European Parliament election, 2019

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Which party group do you support?

European People's Party group
1
4%
Progressive Alliance of Socialists and Democrats
5
18%
European Conservatives and Reformists
5
18%
Alliance of Liberals and Democrats for Europe
6
21%
European United Left–Nordic Green Left
1
4%
Greens–European Free Alliance
1
4%
Europe of Freedom and Direct Democracy
3
11%
Europe of Nations and Freedom
3
11%
Will vote for a group-less party
0
No votes
Do not live in an EU country
3
11%
 
Total votes : 28

Re: European Parliament election, 2019

Postby Alain Delors » Thu May 03, 2018 9:03 pm

Elf wrote:a pro-Western Eurosceptic/anti-establishment movement which wants to protect liberal democracy, secularism and the German constitution... :|


Actually if you look back to the AfD's very founding back in 2013 it was exactly that. The migration debate radicalized both sides - needlessly so, but ever since the establishment from Merkel downwards to the media decided to basically equate any opposition to open borders with extremism the distinction between rationally right-wing and illiberally far-right has become permanently blurred. The combination of the established parties having formed a consensus around an unabashedly pro-migration stance and the issue having attained an existential importance (take a look at the demographic statistics), the moderate right has more or less been driven in the arms of the fringes (the CSU doesn't work as a safeguard because it is only on the ballot in Bavaria and doesn't put its money where its mouth is, which would require ditching its loyalty to Merkel). But the AfD does retain a very sensible national-liberal wing (Meuthen and Weidel being its main standard-bearers).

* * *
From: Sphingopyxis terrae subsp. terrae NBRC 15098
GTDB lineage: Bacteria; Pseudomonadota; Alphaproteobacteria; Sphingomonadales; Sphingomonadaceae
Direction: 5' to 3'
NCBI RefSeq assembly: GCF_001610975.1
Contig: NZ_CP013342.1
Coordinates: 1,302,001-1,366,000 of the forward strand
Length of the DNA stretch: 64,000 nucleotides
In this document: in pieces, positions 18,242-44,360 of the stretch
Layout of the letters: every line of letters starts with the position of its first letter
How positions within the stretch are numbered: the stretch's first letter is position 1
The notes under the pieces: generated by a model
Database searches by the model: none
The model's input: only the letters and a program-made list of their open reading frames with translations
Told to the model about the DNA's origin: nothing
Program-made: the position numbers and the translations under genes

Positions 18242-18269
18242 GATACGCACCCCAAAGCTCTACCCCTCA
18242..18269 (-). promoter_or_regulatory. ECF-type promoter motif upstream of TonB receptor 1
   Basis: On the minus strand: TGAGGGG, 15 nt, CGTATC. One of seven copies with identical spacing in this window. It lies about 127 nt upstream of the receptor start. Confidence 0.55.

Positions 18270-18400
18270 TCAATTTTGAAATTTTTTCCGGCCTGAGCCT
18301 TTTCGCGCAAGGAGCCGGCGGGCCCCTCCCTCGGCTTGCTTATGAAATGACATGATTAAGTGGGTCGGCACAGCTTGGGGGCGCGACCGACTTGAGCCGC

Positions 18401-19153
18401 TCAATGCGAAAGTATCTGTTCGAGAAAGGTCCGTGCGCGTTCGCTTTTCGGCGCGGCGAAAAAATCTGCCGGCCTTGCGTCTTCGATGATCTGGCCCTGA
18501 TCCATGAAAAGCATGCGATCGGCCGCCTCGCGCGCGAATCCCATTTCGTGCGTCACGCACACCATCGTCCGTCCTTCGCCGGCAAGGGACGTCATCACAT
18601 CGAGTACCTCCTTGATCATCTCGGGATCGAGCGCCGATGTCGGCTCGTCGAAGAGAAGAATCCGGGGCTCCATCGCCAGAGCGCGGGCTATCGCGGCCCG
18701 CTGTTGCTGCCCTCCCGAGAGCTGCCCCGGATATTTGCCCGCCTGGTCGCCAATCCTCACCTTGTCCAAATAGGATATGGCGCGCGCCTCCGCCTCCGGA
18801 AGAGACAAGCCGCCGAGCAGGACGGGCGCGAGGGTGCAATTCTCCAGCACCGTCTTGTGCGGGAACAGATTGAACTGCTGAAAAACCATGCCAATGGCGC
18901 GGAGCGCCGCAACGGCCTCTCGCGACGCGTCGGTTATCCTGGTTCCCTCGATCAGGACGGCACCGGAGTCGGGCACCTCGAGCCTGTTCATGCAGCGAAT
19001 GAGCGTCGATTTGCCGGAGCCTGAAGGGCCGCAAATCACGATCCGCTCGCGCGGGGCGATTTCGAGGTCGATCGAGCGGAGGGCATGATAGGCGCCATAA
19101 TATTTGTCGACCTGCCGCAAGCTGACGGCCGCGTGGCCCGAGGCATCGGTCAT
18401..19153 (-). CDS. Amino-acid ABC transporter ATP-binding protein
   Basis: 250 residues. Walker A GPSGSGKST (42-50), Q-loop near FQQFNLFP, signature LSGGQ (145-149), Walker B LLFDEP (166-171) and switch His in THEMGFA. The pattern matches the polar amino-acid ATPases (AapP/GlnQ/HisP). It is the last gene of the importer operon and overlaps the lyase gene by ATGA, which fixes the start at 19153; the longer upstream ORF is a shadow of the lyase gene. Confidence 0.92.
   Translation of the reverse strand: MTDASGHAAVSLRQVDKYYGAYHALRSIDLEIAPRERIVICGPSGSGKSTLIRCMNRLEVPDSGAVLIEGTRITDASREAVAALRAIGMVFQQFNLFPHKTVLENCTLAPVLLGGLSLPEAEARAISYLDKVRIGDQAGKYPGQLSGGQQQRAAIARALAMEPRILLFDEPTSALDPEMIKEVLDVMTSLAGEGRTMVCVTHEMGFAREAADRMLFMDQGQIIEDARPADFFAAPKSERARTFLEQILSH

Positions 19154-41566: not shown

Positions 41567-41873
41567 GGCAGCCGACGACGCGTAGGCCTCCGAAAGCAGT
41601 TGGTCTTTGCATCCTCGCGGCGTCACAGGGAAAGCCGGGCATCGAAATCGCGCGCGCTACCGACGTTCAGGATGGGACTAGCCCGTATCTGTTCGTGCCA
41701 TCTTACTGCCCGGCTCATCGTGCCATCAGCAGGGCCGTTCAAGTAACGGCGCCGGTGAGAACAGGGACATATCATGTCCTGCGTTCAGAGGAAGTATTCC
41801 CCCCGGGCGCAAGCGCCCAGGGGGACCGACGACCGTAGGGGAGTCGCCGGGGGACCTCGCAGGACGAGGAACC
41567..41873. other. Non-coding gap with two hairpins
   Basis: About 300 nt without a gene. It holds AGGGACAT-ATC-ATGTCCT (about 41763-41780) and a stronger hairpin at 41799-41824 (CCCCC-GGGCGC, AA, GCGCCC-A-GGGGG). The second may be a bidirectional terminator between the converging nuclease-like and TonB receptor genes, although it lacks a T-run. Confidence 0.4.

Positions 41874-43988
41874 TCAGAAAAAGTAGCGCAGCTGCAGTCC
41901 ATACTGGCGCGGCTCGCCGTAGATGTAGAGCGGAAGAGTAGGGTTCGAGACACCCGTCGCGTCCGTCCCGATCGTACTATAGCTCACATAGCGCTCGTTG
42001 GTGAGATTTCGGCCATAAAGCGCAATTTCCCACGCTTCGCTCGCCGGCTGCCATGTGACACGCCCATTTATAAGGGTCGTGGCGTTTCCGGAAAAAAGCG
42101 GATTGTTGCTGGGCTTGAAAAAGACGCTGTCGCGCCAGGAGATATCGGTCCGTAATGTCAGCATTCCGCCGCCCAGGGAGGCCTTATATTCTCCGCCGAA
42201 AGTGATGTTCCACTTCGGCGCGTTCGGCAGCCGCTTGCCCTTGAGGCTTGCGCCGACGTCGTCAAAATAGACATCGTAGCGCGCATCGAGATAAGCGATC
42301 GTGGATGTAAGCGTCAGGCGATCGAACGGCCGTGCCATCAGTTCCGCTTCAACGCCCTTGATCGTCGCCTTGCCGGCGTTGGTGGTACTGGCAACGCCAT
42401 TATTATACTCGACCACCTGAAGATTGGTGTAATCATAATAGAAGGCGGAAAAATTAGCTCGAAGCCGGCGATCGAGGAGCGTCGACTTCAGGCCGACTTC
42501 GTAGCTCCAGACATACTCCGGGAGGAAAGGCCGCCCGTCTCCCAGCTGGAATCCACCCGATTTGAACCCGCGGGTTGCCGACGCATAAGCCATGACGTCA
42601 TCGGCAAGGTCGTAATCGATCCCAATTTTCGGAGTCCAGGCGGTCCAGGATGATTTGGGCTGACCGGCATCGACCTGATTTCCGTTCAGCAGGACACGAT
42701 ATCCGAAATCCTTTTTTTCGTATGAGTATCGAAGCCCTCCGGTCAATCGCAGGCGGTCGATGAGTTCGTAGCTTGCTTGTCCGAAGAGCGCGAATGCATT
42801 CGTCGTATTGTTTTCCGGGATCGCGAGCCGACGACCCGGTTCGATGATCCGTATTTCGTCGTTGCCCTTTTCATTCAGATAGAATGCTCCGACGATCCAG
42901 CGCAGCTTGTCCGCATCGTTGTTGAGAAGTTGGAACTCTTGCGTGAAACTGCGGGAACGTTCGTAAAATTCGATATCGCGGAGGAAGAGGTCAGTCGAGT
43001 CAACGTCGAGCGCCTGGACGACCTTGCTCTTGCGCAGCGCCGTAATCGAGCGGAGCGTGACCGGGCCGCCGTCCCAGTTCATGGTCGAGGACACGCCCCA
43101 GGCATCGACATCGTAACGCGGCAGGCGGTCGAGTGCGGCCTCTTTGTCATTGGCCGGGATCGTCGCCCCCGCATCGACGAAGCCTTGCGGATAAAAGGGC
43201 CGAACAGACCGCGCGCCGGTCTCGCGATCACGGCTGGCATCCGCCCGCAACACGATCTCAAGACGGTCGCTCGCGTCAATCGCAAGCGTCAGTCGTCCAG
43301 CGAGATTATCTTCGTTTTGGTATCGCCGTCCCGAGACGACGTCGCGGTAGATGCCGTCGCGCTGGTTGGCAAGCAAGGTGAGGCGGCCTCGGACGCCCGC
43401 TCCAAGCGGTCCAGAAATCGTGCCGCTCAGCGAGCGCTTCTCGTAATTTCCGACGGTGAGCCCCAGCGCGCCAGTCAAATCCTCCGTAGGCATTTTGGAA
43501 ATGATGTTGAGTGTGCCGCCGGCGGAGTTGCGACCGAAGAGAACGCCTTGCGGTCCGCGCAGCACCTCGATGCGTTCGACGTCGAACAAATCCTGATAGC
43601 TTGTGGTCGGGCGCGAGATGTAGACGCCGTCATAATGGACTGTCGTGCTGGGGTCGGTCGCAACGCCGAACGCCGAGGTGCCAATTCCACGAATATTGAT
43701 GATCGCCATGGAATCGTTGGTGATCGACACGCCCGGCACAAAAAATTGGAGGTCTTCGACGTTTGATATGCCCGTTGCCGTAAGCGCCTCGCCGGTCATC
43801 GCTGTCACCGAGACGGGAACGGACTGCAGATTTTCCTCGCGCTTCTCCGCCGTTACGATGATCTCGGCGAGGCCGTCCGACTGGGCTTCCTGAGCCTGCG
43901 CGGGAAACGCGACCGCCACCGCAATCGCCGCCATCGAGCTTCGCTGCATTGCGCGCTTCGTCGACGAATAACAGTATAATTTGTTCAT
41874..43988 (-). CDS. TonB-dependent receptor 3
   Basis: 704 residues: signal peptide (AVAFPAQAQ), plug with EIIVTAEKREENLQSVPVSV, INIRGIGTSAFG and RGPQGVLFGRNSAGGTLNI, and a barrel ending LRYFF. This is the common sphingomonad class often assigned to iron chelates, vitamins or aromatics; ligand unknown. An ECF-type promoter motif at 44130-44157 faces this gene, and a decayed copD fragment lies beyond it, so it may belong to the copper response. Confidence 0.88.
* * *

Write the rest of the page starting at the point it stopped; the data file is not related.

Frankly, I find the Höckes and Poggenburgs repulsive. The AfD wouldn't lose an ounce of electoral strength if they were to expel these crypto-fascist elements. They should redefine themselves along the lines of the Swiss People's Party, UKIP (minus the hard Euroscepticism) or the Danish People's Party. If they did that I'd be rather tempted to cross the floor.
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Re: European Parliament election, 2019

Postby Corvo Attano » Fri May 04, 2018 8:08 am

Who are the communists?
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Re: European Parliament election, 2019

Postby Hrafn » Fri May 04, 2018 5:15 pm

Alain Delors wrote:Frankly, I find the Höckes and Poggenburgs repulsive.